There’s a certain desperation that clings to all the characters that surround the high school in this film. Amiable stoner Teddy (Jack Kilmer) is desperate for April’s affection. April (Emma Roberts) is desperate to find her way in an uncertain future and navigate her relationship with soccer coach Mr. B (James Franco), who is desperate to tell himself that his best days aren’t behind him through his affair with April. Lonely Emily (Zoe Levin) is desperate for any attention at all. Teddy’s friend Fred (Nat Wolff) is desperate to alienate himself from convention and enrage anyone he can.
The problem is that the film is just as desperate as the characters, but not in a way that compliments the whole piece. It’s desperate to mean something, to capture the lives of the current teenager. It is desperate to take place in a timeless dream like state and meanders through the plot to achieve this unsuccessfully. First time writer and director Gia Coppola doesn’t exactly distance herself from the family name, staying in the shadows of Sofia Coppola’s aesthetic.
Still there is promise in Gia Coppola. She directs the actors well, drawing good if not capable performances from them. Emma Roberts delivers one of her more effective and nuanced performances to date, placing the various amounts of pressure crushing down on her lying just behind her exterior. Nat Wolff is certainly having fun with his role of lovable dickbag Fred, but doesn’t play him as a joke. He has genuine affection for the character, and we in turn just might as well. James Franco is a little too convincing for comfort as a teacher who sleeps with his students – in the sense it doesn’t feel like he has to put on an act – but that only adds to how effective his performance is.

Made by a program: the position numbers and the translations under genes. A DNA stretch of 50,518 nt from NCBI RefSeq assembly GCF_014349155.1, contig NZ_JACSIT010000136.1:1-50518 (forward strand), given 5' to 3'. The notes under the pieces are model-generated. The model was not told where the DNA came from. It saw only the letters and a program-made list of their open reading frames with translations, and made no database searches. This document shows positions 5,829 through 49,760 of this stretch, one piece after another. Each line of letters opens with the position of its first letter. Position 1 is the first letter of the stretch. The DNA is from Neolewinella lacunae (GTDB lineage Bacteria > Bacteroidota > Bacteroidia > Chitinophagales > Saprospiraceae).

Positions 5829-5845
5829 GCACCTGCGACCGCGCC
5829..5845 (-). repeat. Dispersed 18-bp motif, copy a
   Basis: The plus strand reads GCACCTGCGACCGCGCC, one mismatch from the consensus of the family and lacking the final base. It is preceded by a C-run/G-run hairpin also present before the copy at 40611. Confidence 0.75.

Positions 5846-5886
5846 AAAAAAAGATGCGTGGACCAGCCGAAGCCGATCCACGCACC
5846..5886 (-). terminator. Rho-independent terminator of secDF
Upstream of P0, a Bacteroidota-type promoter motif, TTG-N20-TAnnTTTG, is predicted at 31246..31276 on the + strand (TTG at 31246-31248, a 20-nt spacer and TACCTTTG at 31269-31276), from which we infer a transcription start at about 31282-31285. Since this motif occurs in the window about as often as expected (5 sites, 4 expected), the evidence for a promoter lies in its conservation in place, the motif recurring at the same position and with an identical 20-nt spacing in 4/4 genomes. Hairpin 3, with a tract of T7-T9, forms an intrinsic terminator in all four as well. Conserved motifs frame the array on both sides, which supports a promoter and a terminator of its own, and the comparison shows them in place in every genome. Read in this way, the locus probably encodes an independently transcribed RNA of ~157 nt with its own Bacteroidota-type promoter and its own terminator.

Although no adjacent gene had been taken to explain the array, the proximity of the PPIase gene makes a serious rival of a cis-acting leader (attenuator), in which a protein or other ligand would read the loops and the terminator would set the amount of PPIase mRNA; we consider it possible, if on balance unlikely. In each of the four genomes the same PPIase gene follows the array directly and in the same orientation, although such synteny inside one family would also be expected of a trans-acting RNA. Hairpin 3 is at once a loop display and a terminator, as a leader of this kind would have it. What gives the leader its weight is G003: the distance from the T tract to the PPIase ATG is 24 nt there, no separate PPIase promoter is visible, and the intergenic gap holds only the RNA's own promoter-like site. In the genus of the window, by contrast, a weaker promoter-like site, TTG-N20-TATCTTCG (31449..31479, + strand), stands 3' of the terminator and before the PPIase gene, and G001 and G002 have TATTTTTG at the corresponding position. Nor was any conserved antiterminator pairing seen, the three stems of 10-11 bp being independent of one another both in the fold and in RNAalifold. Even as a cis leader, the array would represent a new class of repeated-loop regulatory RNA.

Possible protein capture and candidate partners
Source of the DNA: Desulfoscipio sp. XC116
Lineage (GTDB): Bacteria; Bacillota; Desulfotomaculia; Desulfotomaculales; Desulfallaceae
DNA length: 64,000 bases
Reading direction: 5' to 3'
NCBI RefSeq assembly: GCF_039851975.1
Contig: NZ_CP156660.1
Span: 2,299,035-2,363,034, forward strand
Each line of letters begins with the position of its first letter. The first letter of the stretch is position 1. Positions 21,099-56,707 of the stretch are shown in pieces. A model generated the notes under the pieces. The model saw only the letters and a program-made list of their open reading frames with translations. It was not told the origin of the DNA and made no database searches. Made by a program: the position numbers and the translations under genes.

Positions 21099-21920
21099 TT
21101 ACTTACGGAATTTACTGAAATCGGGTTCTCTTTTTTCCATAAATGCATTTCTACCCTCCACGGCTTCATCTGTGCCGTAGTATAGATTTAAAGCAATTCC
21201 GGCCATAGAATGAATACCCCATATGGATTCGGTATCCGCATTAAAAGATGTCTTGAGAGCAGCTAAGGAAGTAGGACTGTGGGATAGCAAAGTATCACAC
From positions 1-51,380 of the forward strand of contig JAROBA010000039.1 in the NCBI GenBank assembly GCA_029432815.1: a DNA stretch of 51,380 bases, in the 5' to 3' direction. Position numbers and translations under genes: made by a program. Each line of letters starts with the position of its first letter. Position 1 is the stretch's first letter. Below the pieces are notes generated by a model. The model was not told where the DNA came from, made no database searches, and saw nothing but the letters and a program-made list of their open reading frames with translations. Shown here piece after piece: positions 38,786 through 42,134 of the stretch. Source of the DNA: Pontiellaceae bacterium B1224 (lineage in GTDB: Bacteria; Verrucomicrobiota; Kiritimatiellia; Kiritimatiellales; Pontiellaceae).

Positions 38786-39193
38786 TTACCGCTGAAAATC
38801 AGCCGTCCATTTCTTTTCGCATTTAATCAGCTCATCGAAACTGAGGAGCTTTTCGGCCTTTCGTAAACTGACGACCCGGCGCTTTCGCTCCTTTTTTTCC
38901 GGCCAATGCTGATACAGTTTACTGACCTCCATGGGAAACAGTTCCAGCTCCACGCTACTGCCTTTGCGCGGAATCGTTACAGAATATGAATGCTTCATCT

Gia Coppola also manages to conjure up some genuinely effective scenes. The subtle ways in which Teddy and April never seem to connect with each other the way they want to is handled well. But especially regard the scene in which Fred nonchalantly narrates a horrific encounter with Emily, seen in shots of her smiling at him. It’s a truly haunting scene, and adds a layer of gravity to the film and both characters of Fred and Emily. I can’t say I’ll be first in line to see Gia Coppola’s next film, but I am interested to see what it is.